A Jerusalem Yankee in the King of Sweden’s Court

Shira Schmidt

Shira Leibowitz Schmidt was raised in an assimilated Jewish home in New York, and became observant while studying at Stanford University in California. In June 1967 she told her engineering school professor she would miss the final exam because she was going to Israel to volunteer during the Six Day War. “That’s the most original excuse I have ever been offered,” he responded. She arrived during the war and stayed, receiving her BSc in absentia. She subsequently met and married the late Elhanan Leibowitz, and they raised their six children in Beersheba. Mrs. Leibowitz acquired a Masters in Urban & Regional Planning from the Technion, and an MSc in Civil Engineering from University of Waterloo. Today she lives with her husband, Dr. Baruch Schmidt, in Netanya. She co-authored, with Nobel prize-winning chemist Roald Hoffmann, Old Wine New Flasks. She has co-translated from Hebrew to English (with Jessica Setbon) From the Depths (the autobiography of Rabbi Israel Meir Lau); The Forgotten Memoirs (memoirs of Rabbis who survived the Shoah, edited by Esther Farbstein); and Rest of the Dove (Parashat Hashavua by Rabbi Haim Sabato). She and her husband appear in the documentary film about the Sanz-Klausenberger Rebbe, “Hidden Face.” She is available to lecture in Israel and in the US and can be contacted via www.cross-currents.com.

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5 Responses

  1. Joshua Nathan says:

    Its nice that something can be written here that doesn’t knock anyone or the State of
    Israel. Keep up the good work.


  2. Moshe Hillson says:

    “Luckily for Jews, Alfred Nobel passed away on December 10 and not during the summer over a century ago”
    When December 10th falls on a Friday, it’s unlucky for Jews, for the exact same reason ….

  3. Shira Schmidt says:

    12 b Kislev
    Moshe Hillson,you are absolutely right. I should have written:

    Luckly for Jews, the December 10 yahrzeit of Alfred Nobel, did not fall on Friday this year. It fell on Shabbat, and that was difficult enough. The Nobel Prizes are awarded yearly late in the afternoon on Dec. 10th in Stockholm, In the winter Shabbat begins there about 2:30 pm Friday and ends Saturday about 4 pm. So this year, the Orthodox Jewish Prize winner from Israel, Professor Robert Israel Aumann, could just about make it to the ceremony that started at 4:30. In fact, he and his 35 children, grandchildren and colleagues walked over to the ceremony and made it only minutes before the arrival of the King. Had the Dec. 10 ceremony fallen on Friday late afternoon, Professor Aumann might not have been able to attend.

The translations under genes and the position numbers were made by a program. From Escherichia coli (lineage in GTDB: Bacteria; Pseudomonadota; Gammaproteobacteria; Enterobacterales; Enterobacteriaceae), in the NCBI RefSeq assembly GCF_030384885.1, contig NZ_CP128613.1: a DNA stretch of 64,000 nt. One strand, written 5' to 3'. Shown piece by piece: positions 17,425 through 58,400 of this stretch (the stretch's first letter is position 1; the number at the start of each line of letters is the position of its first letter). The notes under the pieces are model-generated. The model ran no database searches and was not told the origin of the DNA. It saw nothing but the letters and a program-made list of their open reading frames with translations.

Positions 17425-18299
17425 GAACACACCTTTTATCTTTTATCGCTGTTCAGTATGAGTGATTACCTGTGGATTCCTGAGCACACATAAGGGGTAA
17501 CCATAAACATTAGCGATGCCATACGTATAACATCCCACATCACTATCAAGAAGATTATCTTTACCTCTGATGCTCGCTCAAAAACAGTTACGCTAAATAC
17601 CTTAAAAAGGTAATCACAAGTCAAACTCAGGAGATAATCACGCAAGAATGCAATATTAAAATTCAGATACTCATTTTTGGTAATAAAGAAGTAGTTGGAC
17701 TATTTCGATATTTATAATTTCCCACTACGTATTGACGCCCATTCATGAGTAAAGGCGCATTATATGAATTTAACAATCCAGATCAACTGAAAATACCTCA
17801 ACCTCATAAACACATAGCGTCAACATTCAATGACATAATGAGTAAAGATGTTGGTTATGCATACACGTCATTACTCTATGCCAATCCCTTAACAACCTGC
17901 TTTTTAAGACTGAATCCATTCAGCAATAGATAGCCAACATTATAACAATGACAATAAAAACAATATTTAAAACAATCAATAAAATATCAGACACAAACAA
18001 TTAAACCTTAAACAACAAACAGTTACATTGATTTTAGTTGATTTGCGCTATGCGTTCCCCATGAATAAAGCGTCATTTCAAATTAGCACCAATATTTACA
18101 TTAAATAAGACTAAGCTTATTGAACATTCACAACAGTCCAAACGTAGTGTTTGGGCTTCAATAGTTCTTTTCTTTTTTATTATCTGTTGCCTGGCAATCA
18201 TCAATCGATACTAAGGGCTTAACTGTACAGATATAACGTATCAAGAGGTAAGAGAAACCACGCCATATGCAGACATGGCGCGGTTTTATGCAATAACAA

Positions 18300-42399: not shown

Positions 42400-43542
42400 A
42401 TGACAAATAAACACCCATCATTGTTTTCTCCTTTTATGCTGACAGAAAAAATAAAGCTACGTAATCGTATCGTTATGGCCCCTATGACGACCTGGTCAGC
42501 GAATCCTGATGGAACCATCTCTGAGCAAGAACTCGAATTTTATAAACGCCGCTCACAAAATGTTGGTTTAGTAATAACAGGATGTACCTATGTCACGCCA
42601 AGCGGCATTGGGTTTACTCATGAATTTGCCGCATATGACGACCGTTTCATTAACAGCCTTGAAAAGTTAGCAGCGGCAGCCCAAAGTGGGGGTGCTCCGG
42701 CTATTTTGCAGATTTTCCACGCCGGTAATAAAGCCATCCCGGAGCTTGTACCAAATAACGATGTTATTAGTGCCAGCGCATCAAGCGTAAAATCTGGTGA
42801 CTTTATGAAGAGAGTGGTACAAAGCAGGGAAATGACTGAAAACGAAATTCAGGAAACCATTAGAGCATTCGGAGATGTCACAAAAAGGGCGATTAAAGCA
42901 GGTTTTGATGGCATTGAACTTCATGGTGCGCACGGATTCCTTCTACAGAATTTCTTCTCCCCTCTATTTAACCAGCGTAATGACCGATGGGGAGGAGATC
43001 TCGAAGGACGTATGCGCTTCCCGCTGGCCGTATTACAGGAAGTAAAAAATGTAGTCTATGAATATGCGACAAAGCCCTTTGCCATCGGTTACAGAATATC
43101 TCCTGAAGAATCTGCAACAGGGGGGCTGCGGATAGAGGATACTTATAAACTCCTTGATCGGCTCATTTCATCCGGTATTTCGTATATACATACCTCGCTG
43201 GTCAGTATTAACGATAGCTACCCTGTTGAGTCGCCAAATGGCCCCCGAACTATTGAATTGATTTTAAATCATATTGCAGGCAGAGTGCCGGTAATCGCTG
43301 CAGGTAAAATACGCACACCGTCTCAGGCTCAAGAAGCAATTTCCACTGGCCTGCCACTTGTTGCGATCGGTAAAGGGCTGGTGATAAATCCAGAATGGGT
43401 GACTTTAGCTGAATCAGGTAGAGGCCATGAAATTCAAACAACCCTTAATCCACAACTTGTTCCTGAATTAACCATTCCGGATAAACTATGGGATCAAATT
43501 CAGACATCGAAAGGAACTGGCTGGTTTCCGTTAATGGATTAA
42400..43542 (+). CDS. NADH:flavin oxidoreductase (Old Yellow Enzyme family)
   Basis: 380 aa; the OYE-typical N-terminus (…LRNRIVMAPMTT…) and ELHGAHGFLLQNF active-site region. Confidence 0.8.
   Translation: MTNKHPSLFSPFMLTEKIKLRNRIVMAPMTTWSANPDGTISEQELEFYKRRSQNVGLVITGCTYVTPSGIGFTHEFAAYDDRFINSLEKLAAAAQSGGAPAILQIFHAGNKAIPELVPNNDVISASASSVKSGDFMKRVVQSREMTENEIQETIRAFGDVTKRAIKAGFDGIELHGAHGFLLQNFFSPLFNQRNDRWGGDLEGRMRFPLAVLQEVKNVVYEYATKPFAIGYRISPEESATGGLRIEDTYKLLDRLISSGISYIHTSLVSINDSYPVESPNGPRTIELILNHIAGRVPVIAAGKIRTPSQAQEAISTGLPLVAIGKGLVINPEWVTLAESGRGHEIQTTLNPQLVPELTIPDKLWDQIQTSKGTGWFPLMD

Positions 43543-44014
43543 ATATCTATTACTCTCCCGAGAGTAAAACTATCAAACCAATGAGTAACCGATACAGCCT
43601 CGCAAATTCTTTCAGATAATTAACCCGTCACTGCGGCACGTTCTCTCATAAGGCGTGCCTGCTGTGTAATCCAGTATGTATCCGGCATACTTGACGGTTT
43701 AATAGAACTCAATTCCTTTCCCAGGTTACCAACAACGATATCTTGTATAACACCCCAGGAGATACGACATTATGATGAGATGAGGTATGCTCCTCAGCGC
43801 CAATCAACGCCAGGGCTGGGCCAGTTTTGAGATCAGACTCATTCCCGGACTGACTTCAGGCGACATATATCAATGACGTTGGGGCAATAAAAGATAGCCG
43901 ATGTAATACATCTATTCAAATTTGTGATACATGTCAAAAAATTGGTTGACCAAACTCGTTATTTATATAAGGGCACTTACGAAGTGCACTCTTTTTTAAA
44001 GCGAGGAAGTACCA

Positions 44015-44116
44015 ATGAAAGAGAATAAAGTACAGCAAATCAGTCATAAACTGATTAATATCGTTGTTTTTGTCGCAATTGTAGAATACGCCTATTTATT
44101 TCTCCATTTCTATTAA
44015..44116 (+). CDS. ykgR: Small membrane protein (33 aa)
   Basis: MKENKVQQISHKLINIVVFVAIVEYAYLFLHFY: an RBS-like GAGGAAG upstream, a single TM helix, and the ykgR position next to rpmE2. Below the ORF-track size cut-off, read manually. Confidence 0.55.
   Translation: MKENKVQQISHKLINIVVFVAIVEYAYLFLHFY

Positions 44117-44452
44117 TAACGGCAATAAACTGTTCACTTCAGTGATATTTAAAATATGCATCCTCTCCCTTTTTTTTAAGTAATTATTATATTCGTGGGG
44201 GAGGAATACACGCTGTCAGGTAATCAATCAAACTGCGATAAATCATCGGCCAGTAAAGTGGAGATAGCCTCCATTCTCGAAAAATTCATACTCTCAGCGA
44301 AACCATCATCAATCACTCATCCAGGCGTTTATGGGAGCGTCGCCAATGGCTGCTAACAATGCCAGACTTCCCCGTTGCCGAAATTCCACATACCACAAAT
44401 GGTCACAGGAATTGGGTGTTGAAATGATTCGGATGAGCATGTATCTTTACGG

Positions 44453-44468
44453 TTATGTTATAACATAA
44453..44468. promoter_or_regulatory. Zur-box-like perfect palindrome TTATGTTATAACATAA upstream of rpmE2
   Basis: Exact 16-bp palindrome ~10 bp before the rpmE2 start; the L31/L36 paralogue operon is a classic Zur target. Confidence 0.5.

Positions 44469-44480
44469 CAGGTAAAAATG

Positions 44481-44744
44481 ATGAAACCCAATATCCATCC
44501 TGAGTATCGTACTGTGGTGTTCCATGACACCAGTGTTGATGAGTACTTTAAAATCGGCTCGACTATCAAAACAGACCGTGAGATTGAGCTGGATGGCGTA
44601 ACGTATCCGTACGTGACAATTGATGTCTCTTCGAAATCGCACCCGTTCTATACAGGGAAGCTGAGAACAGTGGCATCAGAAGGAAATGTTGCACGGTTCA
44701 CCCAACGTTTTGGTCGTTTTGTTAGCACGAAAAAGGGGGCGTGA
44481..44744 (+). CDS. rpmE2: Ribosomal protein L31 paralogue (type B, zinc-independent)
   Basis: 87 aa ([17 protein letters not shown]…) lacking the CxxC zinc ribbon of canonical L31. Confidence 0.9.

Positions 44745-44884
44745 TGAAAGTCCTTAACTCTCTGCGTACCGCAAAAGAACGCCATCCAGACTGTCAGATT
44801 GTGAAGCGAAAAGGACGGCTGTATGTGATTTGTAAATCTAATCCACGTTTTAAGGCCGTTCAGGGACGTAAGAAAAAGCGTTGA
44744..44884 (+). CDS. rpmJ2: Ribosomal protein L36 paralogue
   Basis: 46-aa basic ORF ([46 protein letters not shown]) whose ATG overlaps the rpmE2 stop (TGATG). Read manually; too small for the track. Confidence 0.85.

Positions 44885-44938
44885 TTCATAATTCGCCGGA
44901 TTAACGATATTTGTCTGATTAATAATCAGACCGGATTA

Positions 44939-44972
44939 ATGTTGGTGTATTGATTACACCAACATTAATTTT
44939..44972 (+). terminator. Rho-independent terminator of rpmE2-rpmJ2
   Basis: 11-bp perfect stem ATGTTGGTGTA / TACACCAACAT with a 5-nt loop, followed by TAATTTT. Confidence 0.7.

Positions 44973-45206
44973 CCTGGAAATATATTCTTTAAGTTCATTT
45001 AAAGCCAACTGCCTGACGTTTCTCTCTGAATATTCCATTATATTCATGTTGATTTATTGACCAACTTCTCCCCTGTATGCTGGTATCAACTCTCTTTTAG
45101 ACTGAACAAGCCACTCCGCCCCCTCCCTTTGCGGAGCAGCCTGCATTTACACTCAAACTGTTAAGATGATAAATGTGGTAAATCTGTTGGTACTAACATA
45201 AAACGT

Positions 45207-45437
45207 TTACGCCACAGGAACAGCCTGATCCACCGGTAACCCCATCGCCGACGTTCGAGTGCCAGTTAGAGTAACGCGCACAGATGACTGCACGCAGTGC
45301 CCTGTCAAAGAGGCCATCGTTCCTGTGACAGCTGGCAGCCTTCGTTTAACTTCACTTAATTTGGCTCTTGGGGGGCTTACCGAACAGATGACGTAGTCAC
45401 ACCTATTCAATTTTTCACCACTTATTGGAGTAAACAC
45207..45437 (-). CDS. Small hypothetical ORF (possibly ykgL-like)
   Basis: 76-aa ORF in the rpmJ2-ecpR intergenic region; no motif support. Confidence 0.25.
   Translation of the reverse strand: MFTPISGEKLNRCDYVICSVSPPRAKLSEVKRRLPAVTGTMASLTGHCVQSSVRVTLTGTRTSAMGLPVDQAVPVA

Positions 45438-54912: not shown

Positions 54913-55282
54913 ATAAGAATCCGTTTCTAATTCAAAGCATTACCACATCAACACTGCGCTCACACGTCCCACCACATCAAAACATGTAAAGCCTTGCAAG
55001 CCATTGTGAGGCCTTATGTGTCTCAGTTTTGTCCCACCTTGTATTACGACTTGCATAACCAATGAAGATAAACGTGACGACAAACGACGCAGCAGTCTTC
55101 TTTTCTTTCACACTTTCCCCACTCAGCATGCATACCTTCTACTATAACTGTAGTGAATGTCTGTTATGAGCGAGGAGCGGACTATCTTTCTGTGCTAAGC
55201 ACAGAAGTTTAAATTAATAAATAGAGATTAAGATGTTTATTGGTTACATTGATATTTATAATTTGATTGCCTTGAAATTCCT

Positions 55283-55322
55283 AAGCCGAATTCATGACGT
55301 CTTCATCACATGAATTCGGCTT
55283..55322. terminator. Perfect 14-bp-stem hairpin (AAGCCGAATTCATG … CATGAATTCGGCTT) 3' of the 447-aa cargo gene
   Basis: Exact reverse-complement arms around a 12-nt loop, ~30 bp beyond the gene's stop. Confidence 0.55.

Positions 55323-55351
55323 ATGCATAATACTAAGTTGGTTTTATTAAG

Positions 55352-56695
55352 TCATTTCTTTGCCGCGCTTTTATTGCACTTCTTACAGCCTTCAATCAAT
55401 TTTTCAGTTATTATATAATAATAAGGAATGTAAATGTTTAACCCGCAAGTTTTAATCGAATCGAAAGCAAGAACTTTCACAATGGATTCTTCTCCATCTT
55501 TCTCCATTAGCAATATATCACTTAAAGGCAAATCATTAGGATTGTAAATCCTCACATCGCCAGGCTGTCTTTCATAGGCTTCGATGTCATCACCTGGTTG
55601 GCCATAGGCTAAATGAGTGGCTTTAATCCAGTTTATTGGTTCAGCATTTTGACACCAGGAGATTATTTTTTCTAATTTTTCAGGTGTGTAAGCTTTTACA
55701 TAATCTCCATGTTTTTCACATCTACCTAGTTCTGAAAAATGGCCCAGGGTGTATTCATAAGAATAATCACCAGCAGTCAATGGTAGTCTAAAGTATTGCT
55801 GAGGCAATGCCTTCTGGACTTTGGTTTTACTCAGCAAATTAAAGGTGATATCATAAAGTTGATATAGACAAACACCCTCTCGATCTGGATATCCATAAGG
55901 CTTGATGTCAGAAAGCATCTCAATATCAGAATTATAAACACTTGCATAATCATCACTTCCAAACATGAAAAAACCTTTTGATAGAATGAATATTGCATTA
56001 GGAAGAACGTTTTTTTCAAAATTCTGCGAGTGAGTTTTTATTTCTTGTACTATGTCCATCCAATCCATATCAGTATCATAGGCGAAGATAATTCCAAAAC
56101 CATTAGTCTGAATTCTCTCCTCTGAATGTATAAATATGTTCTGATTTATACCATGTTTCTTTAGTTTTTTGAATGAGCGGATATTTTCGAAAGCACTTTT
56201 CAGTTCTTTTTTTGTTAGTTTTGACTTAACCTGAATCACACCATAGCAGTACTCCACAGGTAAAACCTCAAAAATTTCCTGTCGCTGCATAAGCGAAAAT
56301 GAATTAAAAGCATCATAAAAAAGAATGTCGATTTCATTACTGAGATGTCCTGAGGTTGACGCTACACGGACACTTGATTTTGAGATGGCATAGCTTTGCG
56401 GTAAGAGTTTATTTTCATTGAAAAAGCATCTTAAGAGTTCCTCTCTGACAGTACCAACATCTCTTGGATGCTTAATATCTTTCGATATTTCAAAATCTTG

4. MP says:

    Particularly moving and original is his short banquet speech in the presence of the king on that site.
    You can also learn which 3 brachot to recite in case you become a laureate, by reading the delightful Nobel speech of S.Y. Agnon.

    NB that Aumann didn’t follow in the steps of Agnon’s “And now that I have come so far, I will recite one blessing more, as enjoined upon him who beholds a monarch: «Blessed art Thou, O Lord, our God, King of the Universe, Who hast given of Thy glory to a king of flesh and blood.»” The reason, as quoted from a message sent by an e-mail acquaintance, was that “Dr. Aumann asked Rav Aaron Lichtenstein whether he was mechuyav to recite the bracha «she’natan michvodo l’basar va’dam» when he shakes the hand of the Swedish king but was told «no» since the king had no formal powers.”

    As another e-mail acquaintance said in response, “This is reminiscent of ROY’s [Rav Ovadiah Yosef’s] psak to the person attending the Aqaba summit in 1994 where he saw at the same time Bill Clinton, King Hussein and Yitzhak Rabin. He asked whether he needed to make the berakha of «asher halak m’kvodo» upon seeing any or all of these leaders. R. Ovadia paskened as follows: Clinton – No; Rabin – No; Hussein – Yes. Reason: Of the three, only Hussein
    had the power to summarily execute any of his citizens without due process.”

  5. Charles B. Hall says:

    For a really inspiring take on this I recommend Rabbi Dr. Nathan Lopes Cardozo’s essay which was just added to his web site:


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